The Widow Board

by | Jun 7, 2011 | 3 comments

I’m not sure what this means.  

When you first died, I was googling around about widow stuff and found this young widow board.   I clicked on the section entitled “newly widowed” o to 6 months and read all of the different threads with titles like, “is this normal?”  “dreams…”  “has anyone been to a psychic?”  “i hate my inlaws”  stuff like that.  

Last night I found myself back at that board- not ever making a conscious decision to revisit it.  I click on “6-12 months” entitled “Shock wears off, reality sets in.”  Soon I’ll be in one year plus “Beyond the first year.”  

Well, it kind of scares me that in the early days I found these people depressing and even wrote little messages encouraging some of them, “This isn’t what your husband would’ve wanted for you.”  

And now I find them insightful and funny.  Like the guy who has a tagline that says “about grieved out, living, and wanting to love again.”  The “about grieved out” is what made me chuckle and still does.  There is just so much of this grief.  It’s ridiculous really.  There is a beautiful piece someone wrote called “The Mask of Widowhood.”  Someone says this, “Someone said as a widow, you’ll be getting a new address book.  I think I’m going to get mine this weekend.” 

 There’s a thread called “This time last year.”  There are tender threads about last goodbyes or missed opportunities for them- eyes locking while blood was suddenly being spit up.  Knowing but not saying a word.  Regret.  And there is a rally of encouragement around those: “But I think the greatest pleasure in married life, is knowing what your partner wants/needs/thinks without spoken words.

Your husband knew how you felt, as did mine.”
“To try to express it in a few words limits those feelings.”
“I think a silent moment between husband and wife speaks volumes. Nothing had to be spoken.”

I find comfort in this since I didn’t get that chance at all.  That even those who had been waiting for death for months or even years hadn’t said everything.  

There are welcome emails to new members- always with the note “So sorry you’re here but glad you found us.”  There is one that explains some of the terminology used like DGI’s (Don’t Get its) or sadiversary.  There are a lot of parenthesis with HUGS.  This isn’t my thing.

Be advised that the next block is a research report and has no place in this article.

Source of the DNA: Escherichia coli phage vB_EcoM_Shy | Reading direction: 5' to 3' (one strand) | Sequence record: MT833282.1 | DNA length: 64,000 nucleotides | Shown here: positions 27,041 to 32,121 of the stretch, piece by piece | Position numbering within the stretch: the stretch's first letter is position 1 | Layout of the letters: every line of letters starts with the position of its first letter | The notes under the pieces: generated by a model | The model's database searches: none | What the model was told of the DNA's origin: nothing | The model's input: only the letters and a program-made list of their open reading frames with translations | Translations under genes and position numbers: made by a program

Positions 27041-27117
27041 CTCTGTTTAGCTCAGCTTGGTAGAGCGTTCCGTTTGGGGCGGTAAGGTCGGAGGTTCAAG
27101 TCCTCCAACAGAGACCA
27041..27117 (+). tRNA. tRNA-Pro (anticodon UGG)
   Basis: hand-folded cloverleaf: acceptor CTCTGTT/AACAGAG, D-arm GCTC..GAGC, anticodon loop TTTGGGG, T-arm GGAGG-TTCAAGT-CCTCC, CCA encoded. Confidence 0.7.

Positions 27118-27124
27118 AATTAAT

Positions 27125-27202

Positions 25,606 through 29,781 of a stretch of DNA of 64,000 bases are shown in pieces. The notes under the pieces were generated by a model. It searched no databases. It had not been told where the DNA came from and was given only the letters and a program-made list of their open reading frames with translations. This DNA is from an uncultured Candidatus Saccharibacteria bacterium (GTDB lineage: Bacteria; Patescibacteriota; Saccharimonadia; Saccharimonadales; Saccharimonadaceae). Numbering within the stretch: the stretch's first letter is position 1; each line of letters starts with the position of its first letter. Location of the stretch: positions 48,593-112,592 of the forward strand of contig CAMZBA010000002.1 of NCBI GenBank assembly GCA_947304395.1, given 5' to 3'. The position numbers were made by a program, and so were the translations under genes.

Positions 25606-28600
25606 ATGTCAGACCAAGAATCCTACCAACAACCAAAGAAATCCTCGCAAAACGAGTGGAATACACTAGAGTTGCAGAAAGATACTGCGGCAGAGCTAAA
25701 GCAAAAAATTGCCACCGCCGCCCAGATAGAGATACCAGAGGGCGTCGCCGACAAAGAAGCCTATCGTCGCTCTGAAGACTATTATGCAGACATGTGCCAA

I feel a bit voyeuristic scanning through the threads, maybe because my writer mind is thinking about how rich this material is and jotting things down- but then I remember– I am one of these.  I imagine that friends and family must think I am accustomed to the idea more than they are since it’s my life.  But I’m not.  It’s still mostly a role I know I’m supposed to play.

There is such a camaraderie here though- yes, there’s whining and self-pity but there’s so much pure understanding and reading it as a whole- the conglomeration of grievers, gives one a new perspective and lifts me out of the isolation of my bedroom at midnight.  The dark sense of humor that runs throughout makes me laugh.  Maybe it’s kind of a crazy laugh, but a laugh.


June 7, 2011


  1. Anne D

    In my opinion, any laugh that's not an evil laugh is GOOD.

  2. Hands Free Mama

    I stopped by today and find that you had a laugh. Now this, THIS, makes me smile. Here's to more laughs…anyway they come!

  3. christy vinson

    Yes, Julia. I totally agree with Anne.


Submit a Comment

Your email address will not be published. Required fields are marked *

You May Also Like…

List-making in a Dark Time

List-making in a Dark Time

For any other list-makers out there, I published this on HerStories yesterday.""In this time of quarantine, my lists are offering me space outside of the walls of my home, a way of making sense of chaos, a self-imposed structure on structure-less days, and even a way...

Simple Things

Simple Things

"In our deepest self we keep living with the illusion that we will always be the same." Henri Nowen "It's really very simple," my late spiritual director, Gladys, once said to me. She was talking about how she lived each day, waking up, having a written conversation...

Continuous Living

Continuous Living

"Anxiety turns us toward courage, because the other alternative is despair." Paul Tillich I've claimed "seasonal affective disorder" for years, and that may be so, but I'm starting to realize it's not only summer to fall that is hard for me. It's winter to spring, and...